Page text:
Craig Levein admits that Hearts qualifying for Europe has thrown up logistical difficulties to contend with.
But the director of football is confident that everything possible has been done behind the scenes to ensure the team is perfectly primed for the upcoming season.
Scotland’s ever-diminishing UEFA coefficient has led to the Jam Tarts preparing to start their competitive season in June for the first time in the modern era, with Estonian side FC Infonet due at Tynecastle this Thursday for the first leg of their Europa League first qualifying round tie.
The earlier-than-normal start means Hearts will have had only a fortnight of pre-season before their first competitive match, while it has also meant the guts of their squad has had to be shaped with more than two months of the transfer window to spare. Organising pre-season friendlies has also been a tricky business as Hearts don’t know how many more European games they will have before they kick-off their Premiership campaign at home to Celtic in almost six weeks’ time.
“It’s been quite tricky programming this pre-season, you don’t know how long you’ll be in the competition,” said Hearts Director of Football Levein. “Taking friendly matches is difficult. A lot of people want certainty with these friendly matches, they want them organised well in advance. We have pencilled in some fixtures, it would be good to be getting to the start of the season and we’re still in European competition.”
Levein is confident that the Hearts players, who spent last week training at St Andrews, will have enough fitness to get past the Estonians. “Our break was only four weeks,” he said. “It usually only takes about six weeks to get back down to base for a professional footballer, but they’ve haven’t had six weeks off and a lot of the boys have been doing stuff in between anyway. To get us back to where we need to be isn’t going to take a month. Whether two weeks is enough, I don’t know, but I’ve watched a lot of the training and we seem in good order.”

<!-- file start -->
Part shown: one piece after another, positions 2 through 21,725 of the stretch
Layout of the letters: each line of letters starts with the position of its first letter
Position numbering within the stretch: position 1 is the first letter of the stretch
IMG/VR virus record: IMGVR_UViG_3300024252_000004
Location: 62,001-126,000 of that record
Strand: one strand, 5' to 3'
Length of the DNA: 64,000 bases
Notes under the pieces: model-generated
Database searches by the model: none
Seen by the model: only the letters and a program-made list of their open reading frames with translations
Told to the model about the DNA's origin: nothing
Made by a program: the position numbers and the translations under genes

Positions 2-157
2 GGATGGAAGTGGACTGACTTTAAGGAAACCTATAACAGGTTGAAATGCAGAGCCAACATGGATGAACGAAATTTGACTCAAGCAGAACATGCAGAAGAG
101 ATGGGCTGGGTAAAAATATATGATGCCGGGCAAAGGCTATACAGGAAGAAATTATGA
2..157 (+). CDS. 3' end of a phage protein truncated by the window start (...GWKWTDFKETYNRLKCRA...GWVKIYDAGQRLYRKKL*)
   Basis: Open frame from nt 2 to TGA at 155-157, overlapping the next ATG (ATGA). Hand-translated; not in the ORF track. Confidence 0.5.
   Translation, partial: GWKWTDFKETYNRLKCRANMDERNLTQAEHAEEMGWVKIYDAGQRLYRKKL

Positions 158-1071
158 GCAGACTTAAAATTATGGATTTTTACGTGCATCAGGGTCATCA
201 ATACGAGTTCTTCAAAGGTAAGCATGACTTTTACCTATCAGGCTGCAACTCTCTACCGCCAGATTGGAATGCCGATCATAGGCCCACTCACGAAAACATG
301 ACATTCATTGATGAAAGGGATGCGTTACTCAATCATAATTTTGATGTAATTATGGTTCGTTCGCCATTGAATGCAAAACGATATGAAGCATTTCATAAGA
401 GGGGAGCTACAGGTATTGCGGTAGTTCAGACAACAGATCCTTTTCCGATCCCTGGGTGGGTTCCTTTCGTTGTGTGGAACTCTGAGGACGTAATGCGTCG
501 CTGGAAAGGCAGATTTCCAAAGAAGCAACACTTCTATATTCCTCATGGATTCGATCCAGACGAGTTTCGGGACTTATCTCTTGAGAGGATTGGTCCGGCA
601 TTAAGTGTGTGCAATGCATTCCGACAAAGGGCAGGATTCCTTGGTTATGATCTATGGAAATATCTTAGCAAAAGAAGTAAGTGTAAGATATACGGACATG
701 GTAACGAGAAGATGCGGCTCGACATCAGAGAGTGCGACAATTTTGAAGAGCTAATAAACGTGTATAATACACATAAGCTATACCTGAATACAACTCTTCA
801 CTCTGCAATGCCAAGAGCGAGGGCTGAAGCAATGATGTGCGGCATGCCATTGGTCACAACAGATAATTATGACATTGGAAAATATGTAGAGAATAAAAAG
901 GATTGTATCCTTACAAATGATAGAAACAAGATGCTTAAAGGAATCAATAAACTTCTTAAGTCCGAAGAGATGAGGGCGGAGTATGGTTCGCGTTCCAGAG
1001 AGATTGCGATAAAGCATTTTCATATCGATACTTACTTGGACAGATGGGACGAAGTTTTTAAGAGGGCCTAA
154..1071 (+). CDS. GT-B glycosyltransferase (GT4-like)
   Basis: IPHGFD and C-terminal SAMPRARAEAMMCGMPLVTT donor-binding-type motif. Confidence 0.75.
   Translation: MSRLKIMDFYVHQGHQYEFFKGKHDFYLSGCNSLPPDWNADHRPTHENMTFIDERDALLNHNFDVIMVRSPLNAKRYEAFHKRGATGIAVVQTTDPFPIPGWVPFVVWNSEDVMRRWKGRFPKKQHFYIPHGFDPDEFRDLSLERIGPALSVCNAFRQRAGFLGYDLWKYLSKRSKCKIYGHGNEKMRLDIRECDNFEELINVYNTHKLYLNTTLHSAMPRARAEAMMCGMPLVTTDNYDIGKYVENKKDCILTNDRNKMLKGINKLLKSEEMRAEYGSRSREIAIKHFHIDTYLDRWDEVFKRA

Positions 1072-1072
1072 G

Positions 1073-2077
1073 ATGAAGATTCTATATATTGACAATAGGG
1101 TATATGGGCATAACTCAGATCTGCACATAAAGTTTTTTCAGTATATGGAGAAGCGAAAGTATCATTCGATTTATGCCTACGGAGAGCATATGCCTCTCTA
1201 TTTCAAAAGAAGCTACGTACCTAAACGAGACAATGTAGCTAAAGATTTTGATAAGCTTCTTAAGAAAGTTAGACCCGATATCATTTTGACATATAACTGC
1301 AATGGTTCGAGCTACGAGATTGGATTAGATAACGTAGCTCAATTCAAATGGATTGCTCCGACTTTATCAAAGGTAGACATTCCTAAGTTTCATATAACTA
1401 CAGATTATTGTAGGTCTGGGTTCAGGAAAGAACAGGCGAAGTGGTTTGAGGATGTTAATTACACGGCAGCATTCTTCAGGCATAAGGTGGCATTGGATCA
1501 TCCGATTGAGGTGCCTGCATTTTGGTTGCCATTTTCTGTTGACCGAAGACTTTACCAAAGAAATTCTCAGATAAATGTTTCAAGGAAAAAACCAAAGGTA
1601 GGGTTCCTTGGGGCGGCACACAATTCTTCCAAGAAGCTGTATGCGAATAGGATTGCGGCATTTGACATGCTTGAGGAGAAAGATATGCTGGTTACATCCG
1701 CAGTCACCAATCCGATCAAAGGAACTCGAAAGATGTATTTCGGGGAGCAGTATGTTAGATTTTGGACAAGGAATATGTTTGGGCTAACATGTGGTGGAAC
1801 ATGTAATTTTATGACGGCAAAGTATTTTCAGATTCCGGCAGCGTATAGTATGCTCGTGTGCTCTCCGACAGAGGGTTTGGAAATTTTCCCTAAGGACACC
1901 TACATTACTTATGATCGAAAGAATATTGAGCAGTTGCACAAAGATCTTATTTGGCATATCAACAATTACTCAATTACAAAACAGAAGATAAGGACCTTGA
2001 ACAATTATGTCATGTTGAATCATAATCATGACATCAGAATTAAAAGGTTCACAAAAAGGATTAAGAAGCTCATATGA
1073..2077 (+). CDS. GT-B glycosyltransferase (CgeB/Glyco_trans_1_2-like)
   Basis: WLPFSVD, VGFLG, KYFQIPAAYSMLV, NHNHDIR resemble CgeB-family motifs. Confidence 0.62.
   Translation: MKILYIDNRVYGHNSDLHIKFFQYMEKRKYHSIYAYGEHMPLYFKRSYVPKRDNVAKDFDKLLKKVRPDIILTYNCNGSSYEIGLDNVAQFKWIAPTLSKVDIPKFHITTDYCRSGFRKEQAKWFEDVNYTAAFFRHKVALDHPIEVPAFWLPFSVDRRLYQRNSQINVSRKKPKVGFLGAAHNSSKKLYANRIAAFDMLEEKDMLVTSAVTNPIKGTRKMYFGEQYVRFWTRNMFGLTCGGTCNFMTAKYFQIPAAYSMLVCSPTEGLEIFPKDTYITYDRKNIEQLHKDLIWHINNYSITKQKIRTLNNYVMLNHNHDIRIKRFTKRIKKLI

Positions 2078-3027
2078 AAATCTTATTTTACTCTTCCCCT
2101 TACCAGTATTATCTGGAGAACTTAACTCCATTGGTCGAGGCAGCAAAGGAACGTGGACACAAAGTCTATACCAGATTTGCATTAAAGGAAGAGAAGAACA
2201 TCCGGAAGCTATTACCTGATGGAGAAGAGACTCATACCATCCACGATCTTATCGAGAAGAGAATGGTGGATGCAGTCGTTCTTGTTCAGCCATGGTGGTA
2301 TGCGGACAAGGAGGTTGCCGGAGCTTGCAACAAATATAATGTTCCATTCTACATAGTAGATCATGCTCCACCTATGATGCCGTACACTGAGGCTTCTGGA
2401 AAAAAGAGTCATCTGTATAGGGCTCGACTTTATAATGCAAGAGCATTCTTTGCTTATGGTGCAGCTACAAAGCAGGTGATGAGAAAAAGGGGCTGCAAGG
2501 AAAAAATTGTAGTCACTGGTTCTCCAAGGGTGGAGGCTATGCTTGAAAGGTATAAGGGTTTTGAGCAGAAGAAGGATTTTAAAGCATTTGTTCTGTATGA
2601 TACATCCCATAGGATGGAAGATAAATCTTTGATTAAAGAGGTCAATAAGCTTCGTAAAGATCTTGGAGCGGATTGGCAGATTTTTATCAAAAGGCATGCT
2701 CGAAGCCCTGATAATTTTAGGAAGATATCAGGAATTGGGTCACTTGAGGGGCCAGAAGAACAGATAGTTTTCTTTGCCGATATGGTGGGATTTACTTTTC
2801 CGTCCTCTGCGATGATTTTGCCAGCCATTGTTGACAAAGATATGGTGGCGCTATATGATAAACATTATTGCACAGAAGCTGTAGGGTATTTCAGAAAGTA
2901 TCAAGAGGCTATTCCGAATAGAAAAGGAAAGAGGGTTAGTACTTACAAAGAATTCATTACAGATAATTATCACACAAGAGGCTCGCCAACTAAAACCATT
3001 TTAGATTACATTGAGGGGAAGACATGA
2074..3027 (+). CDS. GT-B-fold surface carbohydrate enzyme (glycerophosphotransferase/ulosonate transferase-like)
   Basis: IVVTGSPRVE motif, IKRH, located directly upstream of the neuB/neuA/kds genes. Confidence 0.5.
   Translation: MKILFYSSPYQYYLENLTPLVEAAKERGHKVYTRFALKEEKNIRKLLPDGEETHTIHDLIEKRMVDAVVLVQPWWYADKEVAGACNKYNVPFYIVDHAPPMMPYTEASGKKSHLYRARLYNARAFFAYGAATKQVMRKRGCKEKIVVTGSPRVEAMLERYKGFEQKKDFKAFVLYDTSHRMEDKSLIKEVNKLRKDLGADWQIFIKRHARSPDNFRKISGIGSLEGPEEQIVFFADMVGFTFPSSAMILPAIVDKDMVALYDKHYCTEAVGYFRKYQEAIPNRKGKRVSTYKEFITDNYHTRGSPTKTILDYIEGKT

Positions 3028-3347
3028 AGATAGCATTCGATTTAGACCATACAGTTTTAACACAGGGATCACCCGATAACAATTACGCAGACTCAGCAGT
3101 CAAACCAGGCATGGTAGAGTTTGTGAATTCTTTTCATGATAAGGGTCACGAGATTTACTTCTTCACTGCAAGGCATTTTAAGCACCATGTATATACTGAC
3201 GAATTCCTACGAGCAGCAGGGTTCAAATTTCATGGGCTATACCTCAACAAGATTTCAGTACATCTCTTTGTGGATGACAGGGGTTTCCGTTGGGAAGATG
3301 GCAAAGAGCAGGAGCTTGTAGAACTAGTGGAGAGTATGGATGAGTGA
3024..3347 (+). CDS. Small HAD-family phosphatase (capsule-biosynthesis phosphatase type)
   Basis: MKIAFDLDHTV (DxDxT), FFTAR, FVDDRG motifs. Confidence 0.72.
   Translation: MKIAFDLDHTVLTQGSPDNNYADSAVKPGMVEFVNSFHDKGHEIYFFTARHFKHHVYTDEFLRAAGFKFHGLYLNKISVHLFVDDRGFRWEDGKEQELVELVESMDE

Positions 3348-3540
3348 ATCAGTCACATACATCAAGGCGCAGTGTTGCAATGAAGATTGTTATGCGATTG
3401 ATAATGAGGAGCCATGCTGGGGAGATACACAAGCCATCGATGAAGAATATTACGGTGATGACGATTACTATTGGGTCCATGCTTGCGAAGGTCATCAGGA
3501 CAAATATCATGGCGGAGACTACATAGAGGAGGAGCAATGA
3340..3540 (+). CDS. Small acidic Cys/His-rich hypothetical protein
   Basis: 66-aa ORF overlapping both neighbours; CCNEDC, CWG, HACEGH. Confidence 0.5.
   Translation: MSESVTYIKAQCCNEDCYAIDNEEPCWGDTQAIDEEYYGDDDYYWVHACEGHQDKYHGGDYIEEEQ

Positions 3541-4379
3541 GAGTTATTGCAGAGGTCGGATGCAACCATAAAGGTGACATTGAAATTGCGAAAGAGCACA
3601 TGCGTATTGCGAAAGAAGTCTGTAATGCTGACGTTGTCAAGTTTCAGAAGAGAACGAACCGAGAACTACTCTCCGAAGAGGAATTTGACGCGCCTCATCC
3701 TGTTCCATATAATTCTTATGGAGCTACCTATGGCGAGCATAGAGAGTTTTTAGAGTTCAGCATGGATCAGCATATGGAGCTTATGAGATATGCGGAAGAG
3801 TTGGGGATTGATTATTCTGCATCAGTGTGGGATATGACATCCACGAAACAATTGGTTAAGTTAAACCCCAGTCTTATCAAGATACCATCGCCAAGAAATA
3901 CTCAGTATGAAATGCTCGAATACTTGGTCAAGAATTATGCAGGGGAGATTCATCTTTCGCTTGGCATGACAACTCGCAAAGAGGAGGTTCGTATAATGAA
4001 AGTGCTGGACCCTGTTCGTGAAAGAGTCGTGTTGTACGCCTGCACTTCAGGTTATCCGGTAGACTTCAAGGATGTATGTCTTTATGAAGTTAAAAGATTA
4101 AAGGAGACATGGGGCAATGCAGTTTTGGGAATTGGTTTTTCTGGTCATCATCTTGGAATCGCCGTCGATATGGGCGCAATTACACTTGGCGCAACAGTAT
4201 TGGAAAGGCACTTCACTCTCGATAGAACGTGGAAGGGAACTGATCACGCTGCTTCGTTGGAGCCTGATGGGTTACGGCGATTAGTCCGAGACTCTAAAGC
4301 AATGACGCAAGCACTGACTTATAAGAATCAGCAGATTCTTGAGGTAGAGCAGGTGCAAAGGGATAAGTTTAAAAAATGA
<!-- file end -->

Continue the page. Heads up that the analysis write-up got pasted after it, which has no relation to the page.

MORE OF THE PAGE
Although Faycal Rherras, Conor Sammon and Robbie Muirhead have been signed, Levein is adamant that they have not been rushed in specifically for the Infonet match. He confirmed that there will be more new arrivals over the next couple of months. “The European stuff is really important to us but we don’t base all our signings on getting people in early for these particular games,” he said. “We accept that there’s a long league programme and other cup competitions to take part in. We have made some signings and we’ll make some more. There will maybe be a couple of more signings. It depends on a number of things but we aren’t finished.”
One of the pitfalls of entering the first qualifying round is that Hearts have been drawn against an unknown quantity. Since the draw a week ago, management have been busy trying to gain as much information as possible on the Estonians. “We don’t really know an awful lot about Infonet,” said Levein. “They’re on a break just now as well so it’s not that easy to gather information. You’ve got Wyscout which is good because you can watch the matches of most teams in Europe, so that’s a help. Plus there are always contacts that you can phone to get information. There is still an unknown element but that’s part of the excitement, isn’t it? They can’t watch us either because we’ve not started yet, but there will be plenty of information out there for them as well.”
Levein led Hearts into the UEFA Cup group stage 12 years ago, but he knows his club face a more formidable task to perform a similar feat this time round. In 2004, the Jambos only had to negotiate one two-legged tie against Sporting Braga to get there. This time they will have to come through four separate rounds and a total of eight matches if they are to be in with the big boys come September. “I think we had two matches to get in to the league proper, but now there are eight matches, four ties,” he said. “It will be tough but we will worry about getting to the league stages later. I don’t even want to go there [in terms of talking about it] just now.”
Levein was speaking at Tynecastle after unveiling the 1914 Memorial Trust Bronze, a stunning statue which commemorates the Hearts players who volunteered to serve in the First World War.
“The longer you’re here, the more immersed you become in what the club’s all about,” said Levein. “Away back to when I first joined, we would go down to Haymarket every year on Remembrance Day to remember the guys who lost their lives in the war. It’s a real delight to be here to see this being unveiled. You can see the magnitude of it. Everybody who comes to the stadium will be more than impressed by the job that’s been done.”